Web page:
Terfenol-D, an alloy of the formula TbxDy1−xFe2 (x ~ 0.3), is a magnetostrictive material. It was initially developed in the 1970s by the Naval Ordnance Laboratory in United States. The technology for manufacturing the material efficiently was developed in the 1980s at Ames Laboratory under a U.S. Navy funded program. It is named after terbium, iron (Fe), Naval Ordnance Laboratory (NOL), and the D comes from dysprosium.
The alloy has the highest magnetostriction of any alloy, up to 0.002 m/m at saturation; it expands and contracts in a magnetic field. Terfenol-D has a large magnetostriction force, high energy density, low sound velocity, and a low Young’s Modulus. At its most pure form, it also has low ductility and a low fracture resistance. Terfenol-D is a gray alloy that has different possible ratios of its elemental components that always follow a formula of TbxDy1−xFe2. The addition of Dysprosium made it easier to induce magnetostrictive responses by making the alloy require a lower level of magnetic fields. When the ratio of Tb and Dy is increased, the resulting alloy's magnetostrictive properties will operate at temperatures as low as -200 °C, and when decreased it may operate at a max of 200 °C. The composition of Terfenol-D allows for it to have a large magnetostriction and magnetic flux when a magnetic field is applied to it. This case exists for a large range of compressive stresses, with a trend of decreasing magnetostriction as the compressive stress increases. There is also a relationship between the magnetic flux and compression in which when the compressive stress increases, the magnetic flux changes less drastically.Overall, Terfenol-D is mostly used for its magnetostrictive properties in which it changes shape when exposed to magnetic fields in a process called magnetization. Magnetic heat treatment is shown to improve the magnetostrictive properties of Terfenol-D at low compressive stress for certain ratios of Tb and Dy.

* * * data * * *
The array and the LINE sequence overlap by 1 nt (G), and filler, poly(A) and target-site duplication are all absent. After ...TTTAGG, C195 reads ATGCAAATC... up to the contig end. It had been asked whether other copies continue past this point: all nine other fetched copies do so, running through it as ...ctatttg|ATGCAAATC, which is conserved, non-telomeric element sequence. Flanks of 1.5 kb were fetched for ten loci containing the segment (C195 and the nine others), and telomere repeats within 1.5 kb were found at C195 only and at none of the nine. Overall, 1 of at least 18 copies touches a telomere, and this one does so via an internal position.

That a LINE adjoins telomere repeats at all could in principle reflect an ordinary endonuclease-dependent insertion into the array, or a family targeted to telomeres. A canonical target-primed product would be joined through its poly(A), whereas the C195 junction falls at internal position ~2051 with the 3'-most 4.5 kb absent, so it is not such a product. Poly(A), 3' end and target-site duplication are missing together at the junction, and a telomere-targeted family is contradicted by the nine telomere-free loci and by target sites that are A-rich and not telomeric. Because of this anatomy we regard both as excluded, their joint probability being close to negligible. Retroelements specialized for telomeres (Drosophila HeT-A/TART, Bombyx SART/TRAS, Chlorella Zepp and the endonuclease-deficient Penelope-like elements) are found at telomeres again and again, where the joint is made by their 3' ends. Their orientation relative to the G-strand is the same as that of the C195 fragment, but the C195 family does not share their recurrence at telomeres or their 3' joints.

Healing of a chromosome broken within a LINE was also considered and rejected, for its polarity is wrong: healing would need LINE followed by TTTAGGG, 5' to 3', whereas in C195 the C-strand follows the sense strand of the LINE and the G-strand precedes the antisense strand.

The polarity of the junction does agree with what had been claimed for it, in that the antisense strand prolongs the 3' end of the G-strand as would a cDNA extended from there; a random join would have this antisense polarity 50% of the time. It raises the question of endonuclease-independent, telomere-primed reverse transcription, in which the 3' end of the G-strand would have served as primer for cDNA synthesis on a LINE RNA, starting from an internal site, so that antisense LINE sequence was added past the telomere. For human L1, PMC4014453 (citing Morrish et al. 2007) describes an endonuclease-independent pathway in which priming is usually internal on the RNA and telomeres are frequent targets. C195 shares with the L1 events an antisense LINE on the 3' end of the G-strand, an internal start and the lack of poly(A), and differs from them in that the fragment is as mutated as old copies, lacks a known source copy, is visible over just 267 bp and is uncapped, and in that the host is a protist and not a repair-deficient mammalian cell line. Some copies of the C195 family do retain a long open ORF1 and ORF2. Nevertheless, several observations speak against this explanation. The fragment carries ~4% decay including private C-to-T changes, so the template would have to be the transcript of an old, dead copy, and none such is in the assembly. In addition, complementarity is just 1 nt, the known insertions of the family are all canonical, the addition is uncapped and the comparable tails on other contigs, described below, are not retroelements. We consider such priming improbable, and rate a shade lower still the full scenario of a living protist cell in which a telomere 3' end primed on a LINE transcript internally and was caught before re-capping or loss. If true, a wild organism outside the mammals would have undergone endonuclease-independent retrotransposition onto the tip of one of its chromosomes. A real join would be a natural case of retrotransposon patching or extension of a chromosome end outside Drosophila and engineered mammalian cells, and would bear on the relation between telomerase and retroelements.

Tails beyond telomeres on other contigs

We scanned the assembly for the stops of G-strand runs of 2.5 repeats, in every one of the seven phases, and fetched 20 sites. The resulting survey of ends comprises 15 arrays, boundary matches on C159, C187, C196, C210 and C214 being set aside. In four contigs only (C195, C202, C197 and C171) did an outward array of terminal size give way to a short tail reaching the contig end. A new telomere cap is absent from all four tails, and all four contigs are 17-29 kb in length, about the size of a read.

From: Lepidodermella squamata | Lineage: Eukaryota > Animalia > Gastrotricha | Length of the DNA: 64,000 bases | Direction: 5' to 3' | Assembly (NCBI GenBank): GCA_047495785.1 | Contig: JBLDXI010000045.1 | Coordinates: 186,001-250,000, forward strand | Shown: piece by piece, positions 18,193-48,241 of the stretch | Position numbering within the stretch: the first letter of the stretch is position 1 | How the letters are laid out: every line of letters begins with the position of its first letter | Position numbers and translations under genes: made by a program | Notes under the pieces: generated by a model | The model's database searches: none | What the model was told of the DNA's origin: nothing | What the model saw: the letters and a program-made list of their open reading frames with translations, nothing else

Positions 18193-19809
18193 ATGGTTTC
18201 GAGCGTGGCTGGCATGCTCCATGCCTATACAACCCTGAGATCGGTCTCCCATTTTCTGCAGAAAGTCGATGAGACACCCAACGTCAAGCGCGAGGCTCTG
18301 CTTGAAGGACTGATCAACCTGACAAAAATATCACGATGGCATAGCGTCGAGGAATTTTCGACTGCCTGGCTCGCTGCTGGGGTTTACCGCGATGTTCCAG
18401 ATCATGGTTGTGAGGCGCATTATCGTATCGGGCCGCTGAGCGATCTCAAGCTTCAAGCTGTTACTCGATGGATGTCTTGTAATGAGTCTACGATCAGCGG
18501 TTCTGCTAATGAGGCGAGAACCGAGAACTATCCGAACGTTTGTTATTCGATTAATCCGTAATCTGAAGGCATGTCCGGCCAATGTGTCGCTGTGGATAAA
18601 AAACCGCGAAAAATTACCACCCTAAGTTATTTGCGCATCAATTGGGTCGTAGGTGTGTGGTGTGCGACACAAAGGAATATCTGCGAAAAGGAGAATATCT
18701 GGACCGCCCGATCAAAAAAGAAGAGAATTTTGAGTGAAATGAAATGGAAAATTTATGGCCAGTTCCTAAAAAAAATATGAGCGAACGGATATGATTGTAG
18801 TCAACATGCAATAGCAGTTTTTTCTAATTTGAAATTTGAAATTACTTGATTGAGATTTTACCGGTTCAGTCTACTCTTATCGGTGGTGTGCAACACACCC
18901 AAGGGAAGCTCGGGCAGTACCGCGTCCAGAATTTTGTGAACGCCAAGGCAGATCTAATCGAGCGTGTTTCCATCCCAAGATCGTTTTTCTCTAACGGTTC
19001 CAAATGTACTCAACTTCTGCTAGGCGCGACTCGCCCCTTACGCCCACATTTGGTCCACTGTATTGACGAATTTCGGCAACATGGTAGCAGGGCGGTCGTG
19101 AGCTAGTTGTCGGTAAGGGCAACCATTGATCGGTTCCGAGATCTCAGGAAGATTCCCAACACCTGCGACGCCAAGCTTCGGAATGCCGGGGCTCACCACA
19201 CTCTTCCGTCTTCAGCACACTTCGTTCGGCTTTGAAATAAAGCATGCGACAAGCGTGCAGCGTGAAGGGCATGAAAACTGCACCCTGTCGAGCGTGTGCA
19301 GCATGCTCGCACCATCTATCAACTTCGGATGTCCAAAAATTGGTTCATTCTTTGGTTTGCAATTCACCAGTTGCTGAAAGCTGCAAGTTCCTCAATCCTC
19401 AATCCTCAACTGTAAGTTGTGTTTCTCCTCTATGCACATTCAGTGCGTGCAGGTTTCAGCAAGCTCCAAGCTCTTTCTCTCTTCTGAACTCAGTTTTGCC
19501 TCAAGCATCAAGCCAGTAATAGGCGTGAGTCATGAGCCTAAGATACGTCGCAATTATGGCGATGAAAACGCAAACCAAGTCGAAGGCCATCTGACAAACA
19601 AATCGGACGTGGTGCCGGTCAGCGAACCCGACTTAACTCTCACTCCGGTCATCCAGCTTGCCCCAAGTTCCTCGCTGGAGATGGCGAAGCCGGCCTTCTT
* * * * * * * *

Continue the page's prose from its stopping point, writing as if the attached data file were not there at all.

Due to its material properties, Terfenol-D is excellent for use in the manufacturing of low frequency, high powered underwater acoustics. Its initial application was in naval sonar systems. It sees application in magnetomechanical sensors, actuators, and acoustic and ultrasonic transducers due to its high energy density and large bandwidth capabilities, e.g. in the SoundBug device (its first commercial application by FeONIC). Its strain is also larger than that of another normally used material (PZT8), which allows Terfenol-D transducers to reach greater depths for ocean explorations than past transducers. Its low Young’s Modulus brings some complications due to compression at large depths, which are overcome in transducer designs that may reach 1000 ft in depth and only lose a small amount of accuracy of around 1 dB. Due to its high temperature range, Terfenol-D is also useful in deep hole acoustic transducers where the environment may reach high pressure and temperatures like oil holes. Terfenol-D may also be used for hydraulic valve drivers due to its high strain and high force properties. Similarly, Magnetostrictive actuators have also been considered for use in fuel injectors for diesel engines because of the high stresses that can be produced.